John’s epistle is also full of ways the Christian can assure himself of his faith. First, John tells his readers that when they walk in the light, they will have fellowship with one another, and the blood of Jesus will cleanse their sins (1 John 1:6-7). Later, John says that when someone recognizes and confesses his sin, he will receive forgiveness and cleansing from God (1 John 1:8-10). Next, John informs his sheep that they can know that they know God if they keep his commandments (1 John 2:3-5). Finally, we read of the way that when someone loves the world, the love of the Father is not in him (1 John 2:15). John has more to say concerning the subject of assurance, but in 1 John 4:7-8 we are given a test yet again, “…every one that loveth is born of God, and knoweth God” (1 John 4:7).

The warning

John then moves toward a warning as he presents his message negatively. John says, “He that loveth not knoweth not God” (1 John 4:8). Once again, we are not met with an isolated teaching on the matter. Love is a keyword in 1 John; thus, it is one of John’s major teaching points.

John has already told us that when someone hates his brother, he is deceived and is in the darkness. Later, John tells his sheep that they must love one another. Then John tells of Cain’s bad example: Cain hated his brother Abel and killed him. John says, “We know that we have passed from death unto life, because we love the brethren. He that loveth not his brother abideth in death” (1 John 3:14). While the example of Cain may appear extreme at the outset, John speaks of the one who hates his brother in the same light as Cain. John says, “Whosoever hateth his brother is a murderer: and ye know that no murderer hath eternal life abiding in him” (1 John 3:15). John echoes the words of Christ from the Sermon on the Mount.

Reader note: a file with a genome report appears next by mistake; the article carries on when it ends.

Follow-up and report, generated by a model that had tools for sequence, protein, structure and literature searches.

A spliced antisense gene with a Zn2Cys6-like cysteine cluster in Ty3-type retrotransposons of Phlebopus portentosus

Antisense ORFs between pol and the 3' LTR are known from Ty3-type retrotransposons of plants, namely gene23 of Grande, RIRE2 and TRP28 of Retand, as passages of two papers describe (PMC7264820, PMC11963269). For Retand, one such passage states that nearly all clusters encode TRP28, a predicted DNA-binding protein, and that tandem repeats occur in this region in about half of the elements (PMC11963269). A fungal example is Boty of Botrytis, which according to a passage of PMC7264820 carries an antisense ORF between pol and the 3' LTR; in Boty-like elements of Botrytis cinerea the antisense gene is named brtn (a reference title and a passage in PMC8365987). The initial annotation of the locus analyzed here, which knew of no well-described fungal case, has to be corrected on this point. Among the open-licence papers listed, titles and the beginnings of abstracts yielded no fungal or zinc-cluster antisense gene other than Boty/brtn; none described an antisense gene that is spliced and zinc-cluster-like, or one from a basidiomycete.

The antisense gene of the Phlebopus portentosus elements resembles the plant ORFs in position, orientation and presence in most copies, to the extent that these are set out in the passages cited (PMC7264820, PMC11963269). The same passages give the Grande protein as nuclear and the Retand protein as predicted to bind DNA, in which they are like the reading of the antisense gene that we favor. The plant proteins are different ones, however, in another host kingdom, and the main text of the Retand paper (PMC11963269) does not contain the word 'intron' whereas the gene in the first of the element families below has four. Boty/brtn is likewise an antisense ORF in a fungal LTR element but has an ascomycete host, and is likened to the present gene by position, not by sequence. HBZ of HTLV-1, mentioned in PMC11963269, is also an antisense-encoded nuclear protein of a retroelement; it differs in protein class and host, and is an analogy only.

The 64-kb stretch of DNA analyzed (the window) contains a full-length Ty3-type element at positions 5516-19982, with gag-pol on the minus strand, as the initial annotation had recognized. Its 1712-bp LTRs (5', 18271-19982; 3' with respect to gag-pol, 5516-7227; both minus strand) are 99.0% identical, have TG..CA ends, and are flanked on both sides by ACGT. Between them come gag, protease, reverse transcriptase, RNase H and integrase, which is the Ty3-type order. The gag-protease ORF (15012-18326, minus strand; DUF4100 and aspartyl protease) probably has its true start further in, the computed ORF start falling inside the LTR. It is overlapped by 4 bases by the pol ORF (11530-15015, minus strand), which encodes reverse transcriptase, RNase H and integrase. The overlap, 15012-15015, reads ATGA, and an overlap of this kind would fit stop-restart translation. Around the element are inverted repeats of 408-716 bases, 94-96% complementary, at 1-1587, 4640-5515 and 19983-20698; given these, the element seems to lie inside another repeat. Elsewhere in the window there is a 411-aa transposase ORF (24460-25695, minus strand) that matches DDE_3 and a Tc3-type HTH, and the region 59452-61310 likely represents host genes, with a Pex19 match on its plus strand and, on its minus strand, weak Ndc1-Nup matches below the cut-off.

God is concerned more with the condition of the heart than outward acts. The Pharisees were highly religious, but their hearts were far from Christ. When someone hates his brother in his heart, it is equated to murder in God’s eyes. The root of murder is hatred. Thus, when someone has the root, they are charged with the fruit.

The simplicity

Finally, we are told, “He that loveth not knoweth not God; for God is love” (1 John 4:8). What is the connection? Why does Paul say that God is love? For the one who does not love, he can’t be a Christian because God is love.

John has already told us that when someone is born of God, God’s seed abides in him. This means that the life of God dwells within the believer. When someone plants a garden, there is life in the seeds. The seed that is planted will bring forth a certain type of plant.

It is ridiculous to assume someone can plant an apple seed and get a plum tree. The same is true in the Christian life. When God plants His seed within the believer, he is planting His very nature. When God plants His very nature, the natural outcome will be that Christ’s likeness will begin to form.

God is love. Therefore, when God plants Himself in the believer, the believer will bring forth a love that resembles the love of God. The logical conclusion is relatively simple. Since God is love and since God dwells within the Christian, then the Christian will love as well.

John is not simply saying that the Christian must love because God loved him, and he needs to figure out how to love as a result. Instead, John is saying the love of God is placed into the heart of the believer at the new birth. Thus, the Christian will love as the seed of God grows.

Final prayer

Father, I thank You for loving me and placing Your nature in me. Help me to love as You love. In Jesus’ name, Amen.